An Analysis of Gendering of Space in Historical Hospitals of Anatolia
Keywords:Gendered space, gendered architecture, segregation, historic hospitals, Anatolia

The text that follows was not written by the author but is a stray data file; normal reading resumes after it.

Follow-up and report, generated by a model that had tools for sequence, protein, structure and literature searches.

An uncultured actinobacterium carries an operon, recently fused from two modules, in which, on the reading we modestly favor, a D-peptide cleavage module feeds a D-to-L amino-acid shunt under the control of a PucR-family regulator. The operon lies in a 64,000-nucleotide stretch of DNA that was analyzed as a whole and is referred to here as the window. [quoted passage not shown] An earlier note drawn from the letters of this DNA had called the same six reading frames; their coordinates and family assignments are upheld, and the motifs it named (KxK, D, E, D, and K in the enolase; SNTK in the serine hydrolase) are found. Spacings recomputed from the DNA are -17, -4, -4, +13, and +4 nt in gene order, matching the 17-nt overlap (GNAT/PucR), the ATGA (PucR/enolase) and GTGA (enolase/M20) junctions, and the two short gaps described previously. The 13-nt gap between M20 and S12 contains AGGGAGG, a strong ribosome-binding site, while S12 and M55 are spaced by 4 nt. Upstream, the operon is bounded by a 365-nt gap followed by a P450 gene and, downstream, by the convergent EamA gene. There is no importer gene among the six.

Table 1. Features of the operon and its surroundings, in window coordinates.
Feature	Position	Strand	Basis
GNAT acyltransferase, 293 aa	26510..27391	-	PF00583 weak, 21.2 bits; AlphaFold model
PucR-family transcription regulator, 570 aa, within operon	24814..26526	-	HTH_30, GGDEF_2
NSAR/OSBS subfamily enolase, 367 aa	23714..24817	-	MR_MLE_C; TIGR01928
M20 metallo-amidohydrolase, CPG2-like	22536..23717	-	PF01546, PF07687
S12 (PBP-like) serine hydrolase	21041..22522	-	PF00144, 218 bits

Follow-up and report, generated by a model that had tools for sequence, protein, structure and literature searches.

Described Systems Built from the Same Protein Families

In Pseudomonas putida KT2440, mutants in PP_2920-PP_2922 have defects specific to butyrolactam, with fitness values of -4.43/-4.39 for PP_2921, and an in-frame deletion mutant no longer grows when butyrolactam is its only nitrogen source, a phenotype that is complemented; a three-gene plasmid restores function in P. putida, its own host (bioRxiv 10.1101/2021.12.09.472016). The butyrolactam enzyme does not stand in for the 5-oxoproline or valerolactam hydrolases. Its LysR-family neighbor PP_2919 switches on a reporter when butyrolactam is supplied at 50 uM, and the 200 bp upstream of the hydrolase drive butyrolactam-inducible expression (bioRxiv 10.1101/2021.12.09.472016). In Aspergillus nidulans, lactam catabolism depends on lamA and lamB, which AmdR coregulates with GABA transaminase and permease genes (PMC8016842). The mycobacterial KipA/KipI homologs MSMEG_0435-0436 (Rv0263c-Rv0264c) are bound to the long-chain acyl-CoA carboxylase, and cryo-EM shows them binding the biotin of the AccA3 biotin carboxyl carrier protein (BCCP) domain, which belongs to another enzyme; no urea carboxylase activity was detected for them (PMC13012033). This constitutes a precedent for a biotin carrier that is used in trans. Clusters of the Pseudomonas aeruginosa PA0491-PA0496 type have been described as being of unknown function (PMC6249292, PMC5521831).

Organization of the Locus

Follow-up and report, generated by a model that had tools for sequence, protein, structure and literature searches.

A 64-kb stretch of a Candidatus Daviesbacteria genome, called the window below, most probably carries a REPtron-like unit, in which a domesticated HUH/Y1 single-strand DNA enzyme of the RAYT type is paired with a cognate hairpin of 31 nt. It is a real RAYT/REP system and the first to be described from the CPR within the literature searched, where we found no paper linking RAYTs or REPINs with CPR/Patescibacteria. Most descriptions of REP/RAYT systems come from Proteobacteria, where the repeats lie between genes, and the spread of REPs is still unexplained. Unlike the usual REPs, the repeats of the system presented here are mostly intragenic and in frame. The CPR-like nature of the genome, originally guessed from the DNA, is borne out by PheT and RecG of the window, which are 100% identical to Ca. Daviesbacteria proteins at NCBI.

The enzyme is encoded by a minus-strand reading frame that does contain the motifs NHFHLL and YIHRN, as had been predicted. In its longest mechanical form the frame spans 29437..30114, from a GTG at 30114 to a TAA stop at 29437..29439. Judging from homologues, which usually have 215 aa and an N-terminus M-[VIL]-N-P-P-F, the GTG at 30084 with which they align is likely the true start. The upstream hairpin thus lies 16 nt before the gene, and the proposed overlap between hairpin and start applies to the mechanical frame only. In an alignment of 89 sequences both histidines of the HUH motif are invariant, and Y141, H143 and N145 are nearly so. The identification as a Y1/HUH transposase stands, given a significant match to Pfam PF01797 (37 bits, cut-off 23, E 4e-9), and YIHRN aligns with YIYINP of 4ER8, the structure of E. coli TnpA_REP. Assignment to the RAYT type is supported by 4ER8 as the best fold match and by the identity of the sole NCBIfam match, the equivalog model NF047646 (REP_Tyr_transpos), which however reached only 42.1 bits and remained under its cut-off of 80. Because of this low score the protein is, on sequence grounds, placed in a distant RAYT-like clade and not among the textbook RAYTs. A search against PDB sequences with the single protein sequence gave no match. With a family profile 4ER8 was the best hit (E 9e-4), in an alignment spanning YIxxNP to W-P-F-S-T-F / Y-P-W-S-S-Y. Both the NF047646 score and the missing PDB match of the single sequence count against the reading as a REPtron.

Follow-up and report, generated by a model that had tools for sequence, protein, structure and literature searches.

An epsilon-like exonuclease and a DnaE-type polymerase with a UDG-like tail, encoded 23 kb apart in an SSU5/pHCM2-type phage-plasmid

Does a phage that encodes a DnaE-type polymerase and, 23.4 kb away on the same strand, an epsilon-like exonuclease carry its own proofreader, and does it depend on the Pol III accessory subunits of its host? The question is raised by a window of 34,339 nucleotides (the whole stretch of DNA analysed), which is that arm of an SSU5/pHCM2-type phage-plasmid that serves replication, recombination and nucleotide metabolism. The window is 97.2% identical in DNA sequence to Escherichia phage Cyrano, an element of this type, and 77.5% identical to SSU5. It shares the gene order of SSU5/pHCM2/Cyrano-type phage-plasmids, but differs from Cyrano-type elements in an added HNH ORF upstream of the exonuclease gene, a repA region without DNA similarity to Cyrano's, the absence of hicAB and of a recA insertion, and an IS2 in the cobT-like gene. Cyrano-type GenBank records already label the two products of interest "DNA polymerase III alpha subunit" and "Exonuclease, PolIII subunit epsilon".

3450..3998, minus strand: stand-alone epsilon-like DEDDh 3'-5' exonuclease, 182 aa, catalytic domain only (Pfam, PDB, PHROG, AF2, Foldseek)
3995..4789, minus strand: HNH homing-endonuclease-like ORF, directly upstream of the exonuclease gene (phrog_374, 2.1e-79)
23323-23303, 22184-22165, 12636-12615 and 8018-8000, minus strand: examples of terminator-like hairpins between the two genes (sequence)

Medical ethics, clinical practices, as well as privacy considerations affected the gender-space relationship in spaces of healing. Researchers to date have been analysed the historical hospitals of Anatolia in terms of their architecture, planning, art history, history of medicine, and even in terms of their functional systems, but not yet regarding their gendered space segregation. There are also limited studies related to the gender, religion, and secularism in historical hospitals outside of Anatolia. Hence, in this paper, historical hospitals of Anatolia have been chosen as case studies and analysed from the point of gendered perspective including how privacy, religion, culture, and gender issues shaped their architecture and planning. In Ottoman Empire, it is known that among the palace elites, there was limited access of women patients to the male doctors, but documented evidence of female attendants being employed in Ottoman hospitals belongs to later periods. In Ottoman dynasty there were also female patrons constructed hospitals for women and for the general public, demonstrating the power and status of women in the Ottoman palace. In addition, based on travellers’ accounts, old drawings, gravures, and archival resources, it is understood that there were separate units for women in Anatolian historical hospital. Those units included the patients’ rooms, wards, latrines, and even courtyards. The research showed that in Anatolian hospitals as the spaces for physical healing and medical training, gendered-space segregation have been acknowledged, at least to some extent in some certain space arrangements.
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